Putting a stop to lousy deals for debtors

24 January 2014 - 03:17 By Ernest Mabuza
A housing development in Gauteng.
A housing development in Gauteng.
Image: Gallo Images/Drum

Houses sold in execution could soon have a reserve price when they go under the hammer.

The idea behind the proposal is to protect debtors whose houses are sometimes sold in execution for a ridiculously low amount, leaving them still owing their creditors.

This week the Rules Board for Courts of Law invited comment on the proposal.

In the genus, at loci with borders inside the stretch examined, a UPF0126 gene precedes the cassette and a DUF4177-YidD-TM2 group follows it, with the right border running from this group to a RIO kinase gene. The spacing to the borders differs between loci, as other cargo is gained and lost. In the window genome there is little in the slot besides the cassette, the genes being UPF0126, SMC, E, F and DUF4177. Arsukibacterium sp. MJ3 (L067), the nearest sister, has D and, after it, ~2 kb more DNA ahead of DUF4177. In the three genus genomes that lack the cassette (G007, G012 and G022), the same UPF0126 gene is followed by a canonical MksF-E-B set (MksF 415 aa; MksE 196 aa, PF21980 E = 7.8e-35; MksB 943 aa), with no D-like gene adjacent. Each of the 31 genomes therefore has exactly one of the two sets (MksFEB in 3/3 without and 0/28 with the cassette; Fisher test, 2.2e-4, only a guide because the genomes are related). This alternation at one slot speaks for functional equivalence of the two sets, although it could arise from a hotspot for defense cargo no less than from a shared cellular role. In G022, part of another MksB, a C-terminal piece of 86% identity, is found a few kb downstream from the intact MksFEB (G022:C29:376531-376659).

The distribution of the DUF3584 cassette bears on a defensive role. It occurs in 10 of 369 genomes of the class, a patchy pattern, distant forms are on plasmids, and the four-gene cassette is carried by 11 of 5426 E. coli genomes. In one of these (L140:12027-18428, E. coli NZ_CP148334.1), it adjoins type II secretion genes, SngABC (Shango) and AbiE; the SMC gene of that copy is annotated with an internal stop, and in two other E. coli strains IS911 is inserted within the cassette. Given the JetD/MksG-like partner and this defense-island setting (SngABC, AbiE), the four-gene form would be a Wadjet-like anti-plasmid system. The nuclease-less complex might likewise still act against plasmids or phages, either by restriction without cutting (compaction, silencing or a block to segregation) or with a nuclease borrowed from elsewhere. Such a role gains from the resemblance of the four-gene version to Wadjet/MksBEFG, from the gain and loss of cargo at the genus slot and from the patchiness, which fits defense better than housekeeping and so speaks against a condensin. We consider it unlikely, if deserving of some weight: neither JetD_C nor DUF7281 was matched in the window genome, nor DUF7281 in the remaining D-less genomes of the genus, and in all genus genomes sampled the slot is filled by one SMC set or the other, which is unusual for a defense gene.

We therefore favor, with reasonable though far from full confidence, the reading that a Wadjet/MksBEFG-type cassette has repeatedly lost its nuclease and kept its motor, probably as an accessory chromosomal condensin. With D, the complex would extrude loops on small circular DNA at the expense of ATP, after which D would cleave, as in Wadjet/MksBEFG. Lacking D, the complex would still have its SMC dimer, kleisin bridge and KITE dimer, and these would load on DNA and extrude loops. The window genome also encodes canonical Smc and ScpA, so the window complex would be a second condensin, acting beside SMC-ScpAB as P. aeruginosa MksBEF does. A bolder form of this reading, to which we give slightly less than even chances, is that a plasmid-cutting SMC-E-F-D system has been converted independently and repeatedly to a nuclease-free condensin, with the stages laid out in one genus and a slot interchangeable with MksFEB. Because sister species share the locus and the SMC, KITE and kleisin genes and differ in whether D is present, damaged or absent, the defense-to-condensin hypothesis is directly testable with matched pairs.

The board said that, if supported, the proposal would mean that a property that did not reach its reserve price would not be sold, thus giving the debtor some protection.

Raj Daya, secretary of the board, said courts were concerned about houses being sold in execution for a fraction of their value.

"The question to ask is: Is the forced sale in execution a justifiable way of satisfying judgment creditors and protecting debtors?"

Stuart Wilson, executive director at the Socio-Economic Rights Institute of SA, supported the proposal.

Wilson said sales in execution without a reserve price were vulnerable to collusion, which could lead to sales at fraudulently low prices.

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